The UK is leaving the EU to avoid the bureaucracy from Brussels, which includes having to comply with the General Data Protection Regulation (GDPR). So far, so good. However, since the EU is so important to their economy, the UK’s local data laws will in effect have to be at very high-level — basically, GDPR-like — or else the EU won’t allow data transfers.
Then there is the GDPR’s new principal of extra-territoriality or territorial scope — something we’ve yakked a lot about in the blog — which means non-EU countries will still have to deal with the GDPR.
Finally, as a practical matter the GDPR will kick in before the UK formally exits the EU. So the UK will be under the GDPR for at least a year or more no matter what.
Greater legal minds than mine have already commented on all this craziness.
The UK government looked at the situation, and decided to bite the bullet, or more appropriately eat the cold porridge
Last week, the UK released a statement of intent that commits the government to scrapping their existing law, the Data Protection Act, and replacing it with a new Data Protection Bill.
This document is very clear about what the new UK data law will look like. Or as they say:
Bringing EU law into our domestic law will ensure that we help to prepare the UK for the future after we have left the EU. The EU General Data Protection Regulation (GDPR) and the Data Protection Law Enforcement Directive (DPLED) have been developed to allow people to be sure they are in control of their personal information while continuing to allow businesses to develop innovative digital services without the chilling effect of over-regulation. Implementation will be done in a way that as far as possible preserves the concepts of the Data Protection Act to ensure that the transition for all is as smooth as possible, while complying with the GDPR and DPLED in full.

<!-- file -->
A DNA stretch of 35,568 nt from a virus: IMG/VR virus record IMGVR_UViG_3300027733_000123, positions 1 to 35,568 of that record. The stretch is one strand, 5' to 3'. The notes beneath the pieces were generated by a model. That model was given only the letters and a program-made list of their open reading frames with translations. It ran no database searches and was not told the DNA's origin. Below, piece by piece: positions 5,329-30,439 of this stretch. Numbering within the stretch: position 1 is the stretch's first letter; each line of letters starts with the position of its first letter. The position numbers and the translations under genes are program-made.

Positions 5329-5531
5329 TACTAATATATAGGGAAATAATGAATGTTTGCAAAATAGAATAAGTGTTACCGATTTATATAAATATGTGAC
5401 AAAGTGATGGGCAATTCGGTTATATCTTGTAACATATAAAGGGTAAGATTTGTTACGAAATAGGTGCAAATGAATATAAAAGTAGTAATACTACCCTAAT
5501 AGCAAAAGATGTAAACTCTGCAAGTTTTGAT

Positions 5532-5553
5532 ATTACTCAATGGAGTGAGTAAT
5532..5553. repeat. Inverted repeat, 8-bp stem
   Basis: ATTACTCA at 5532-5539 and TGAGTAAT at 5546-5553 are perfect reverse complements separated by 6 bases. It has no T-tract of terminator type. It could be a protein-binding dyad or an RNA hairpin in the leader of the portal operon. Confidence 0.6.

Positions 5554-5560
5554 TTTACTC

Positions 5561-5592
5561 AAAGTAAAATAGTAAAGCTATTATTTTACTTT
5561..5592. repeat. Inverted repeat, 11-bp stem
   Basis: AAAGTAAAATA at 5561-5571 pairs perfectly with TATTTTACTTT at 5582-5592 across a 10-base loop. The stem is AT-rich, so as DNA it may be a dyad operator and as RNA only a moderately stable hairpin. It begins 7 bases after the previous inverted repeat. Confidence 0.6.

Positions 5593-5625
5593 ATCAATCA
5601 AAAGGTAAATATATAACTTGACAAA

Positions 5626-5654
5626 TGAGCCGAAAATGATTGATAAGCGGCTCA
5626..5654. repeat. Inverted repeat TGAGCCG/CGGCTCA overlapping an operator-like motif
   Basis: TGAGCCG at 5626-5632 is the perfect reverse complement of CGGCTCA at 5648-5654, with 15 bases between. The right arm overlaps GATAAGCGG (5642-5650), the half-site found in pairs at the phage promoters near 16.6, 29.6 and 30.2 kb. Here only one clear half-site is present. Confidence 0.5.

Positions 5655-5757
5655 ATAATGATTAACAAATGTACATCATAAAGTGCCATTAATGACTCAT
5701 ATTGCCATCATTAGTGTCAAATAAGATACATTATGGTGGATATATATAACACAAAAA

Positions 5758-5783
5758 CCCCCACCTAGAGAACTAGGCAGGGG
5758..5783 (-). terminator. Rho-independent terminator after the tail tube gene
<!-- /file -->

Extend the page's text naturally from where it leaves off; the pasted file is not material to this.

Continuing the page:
In effect, the plan is to have a law that will mirror the GDPR, allowing UK companies to continue to do business as usual
The Bill will include the GDPR’s new privacy rights for individuals: the “right to be forgotten”, data portability, and right to personal data access. And it will contain the GDPR’s obligations for controllers to report breaches, conduct impact assessments involving sensitive data, and designate data protection officers.
What about the GDPR’s considerable fines?
The UK has also gone along with the EU data law’s tiered structure – fines of up to 4% of global turnover (revenue).
Her Majesty’s Government may have left the EU, but EU laws for data privacy and security will remain. The GDPR is dead, long live the GDPR!
Of course, the new Bill will have its own articles, with different wording and numbering scheme than the GDPR. And legal experts will no doubt find other differences — we’ll have to wait for the new law. Having said that, our considerable resources on the EU data law remain relevant.
For UK companies reading this post and looking for a good overview, here are three links that should help:
- What is the EU General Data Protection Regulation?
- Five Things You Need to Know about the GDPR
- GDPR: A Practical Guide
For a deeper dive into the GDPR, we offer for your edification these two resources:
And feel free to search the IOS blog and explore the GDPR on your own!